"I think we are talking about a session-long strategy (through May or so). The Legislature will be a key audience, and the goal will be to ensure that they have enough information that they want to stay out of the dispute ... Our goal will be to create enough information buzz that it causes the legislature to question what FC is trying to sell."
Monnes Anderson said an email like that makes her question whether the information she receives from the agency is slanted one way or another.
"I do believe that OHA should come up with a good communications strategy, but not necessarily to influence lawmakers," she said. "There needs to be, I think, improved commucations between OHA and lawmakers — but not against a specific organization."
Jim Moore, the director of the Tom McCall Center for Public innovation at Pacific University, said the email suggests OHA is acting more like a public relations firm than a state agency
"It's basically a classic public relations move. PR moves work best when you don't know they are PR moves," he said. "It's almost indirectly lobbying, but it is clearly trying to change the agenda and the context with which the Legislature understands these questions.'"
But while Rep. Mitch Greenlick, D-Portland, shares some of the concerns of FamilyCare, he said the email doesn't seem like it crosses the line. "I don't find that offensive at all."
The records issue sparks different questions. Portland Tribune submitted a request to OHA for emails concerning any FamilyCare communications plan on May 22. On June 9, the agency' reported they had been assembled and would be released within days. Then they were delayed for further review. On June 23 an agency officail said the agency intended to supply them by the end of the day.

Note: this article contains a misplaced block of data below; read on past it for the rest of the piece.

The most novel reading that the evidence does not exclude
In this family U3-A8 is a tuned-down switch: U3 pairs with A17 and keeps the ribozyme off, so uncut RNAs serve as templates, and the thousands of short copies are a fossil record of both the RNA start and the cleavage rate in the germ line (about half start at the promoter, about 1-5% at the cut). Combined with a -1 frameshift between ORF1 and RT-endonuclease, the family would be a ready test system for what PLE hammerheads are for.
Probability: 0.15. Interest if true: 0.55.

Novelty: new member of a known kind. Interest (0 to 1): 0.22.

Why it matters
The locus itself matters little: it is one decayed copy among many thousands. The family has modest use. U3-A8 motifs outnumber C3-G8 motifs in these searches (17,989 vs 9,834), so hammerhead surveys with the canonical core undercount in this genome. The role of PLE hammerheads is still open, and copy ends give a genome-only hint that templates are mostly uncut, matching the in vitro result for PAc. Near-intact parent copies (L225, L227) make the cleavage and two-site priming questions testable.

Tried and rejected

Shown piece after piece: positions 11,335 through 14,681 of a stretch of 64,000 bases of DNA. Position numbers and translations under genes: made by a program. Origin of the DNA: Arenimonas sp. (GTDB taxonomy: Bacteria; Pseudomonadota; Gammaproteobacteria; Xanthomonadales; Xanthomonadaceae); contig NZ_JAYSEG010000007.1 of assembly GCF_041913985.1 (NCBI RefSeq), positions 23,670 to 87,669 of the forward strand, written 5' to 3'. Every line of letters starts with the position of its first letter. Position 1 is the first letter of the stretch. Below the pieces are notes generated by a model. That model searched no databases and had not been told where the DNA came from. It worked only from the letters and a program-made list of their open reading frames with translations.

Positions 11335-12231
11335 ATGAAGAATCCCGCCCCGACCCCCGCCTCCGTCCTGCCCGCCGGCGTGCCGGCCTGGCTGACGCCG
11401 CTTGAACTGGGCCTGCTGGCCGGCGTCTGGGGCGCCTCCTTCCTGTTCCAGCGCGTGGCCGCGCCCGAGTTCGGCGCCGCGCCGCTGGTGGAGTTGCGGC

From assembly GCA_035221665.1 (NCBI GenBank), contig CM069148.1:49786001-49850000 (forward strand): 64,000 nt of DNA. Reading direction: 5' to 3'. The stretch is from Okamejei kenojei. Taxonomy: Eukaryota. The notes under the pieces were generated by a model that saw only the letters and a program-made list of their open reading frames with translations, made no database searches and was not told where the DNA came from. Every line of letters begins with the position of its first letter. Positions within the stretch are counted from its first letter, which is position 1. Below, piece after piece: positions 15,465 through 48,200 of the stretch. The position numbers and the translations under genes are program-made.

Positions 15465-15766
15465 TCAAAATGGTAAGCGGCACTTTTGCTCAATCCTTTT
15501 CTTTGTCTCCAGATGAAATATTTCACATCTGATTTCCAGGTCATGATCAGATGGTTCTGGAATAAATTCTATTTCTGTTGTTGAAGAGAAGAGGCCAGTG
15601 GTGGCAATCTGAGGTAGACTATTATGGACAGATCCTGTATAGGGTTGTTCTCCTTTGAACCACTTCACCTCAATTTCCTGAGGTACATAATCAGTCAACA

Then the documents were delayed again, purportedly because Director Lynne Saxton wanted to review the documents personally, and wanted the Department of Justice to review them further, too.
On Monday night, after Brown ordered their release, the 26 pages were released subject to massive redactions.
Asked about the redactions, OHA cited public records exemptions including those concerning attorney-client privilege, pending litigation and one that protects internal communications. But it refused to say which of those were used to redact the email describing OHA's plan to create an "information buzz" to sow skepticism of FamilyCare.
Some experts questioned the state's heavy redactions of the emails, including the one about sowing skepticism.
Tung Yin, a professor at Lewis & Clark Law School, said much of the email obtained by the Portland Tribune does not appear to be subject to attorney-client privilege, as it was marked by OHA.
Lawyer Duane Bosworth, a public records expert at Davis Wright Tremaine, agreed, saying that the privilege applies only to the provision of legal services. As far as the email about "information buzz" that was labeled attorney client privilege, he said, "It's difficult, if not impossible, to see what in here is related to the provision of legal serices. On its face, I can't see anything in this email that would justify that."
Disclosure: The reporter of this article volunteers for the Society of Professional Journalists to advocate for open government.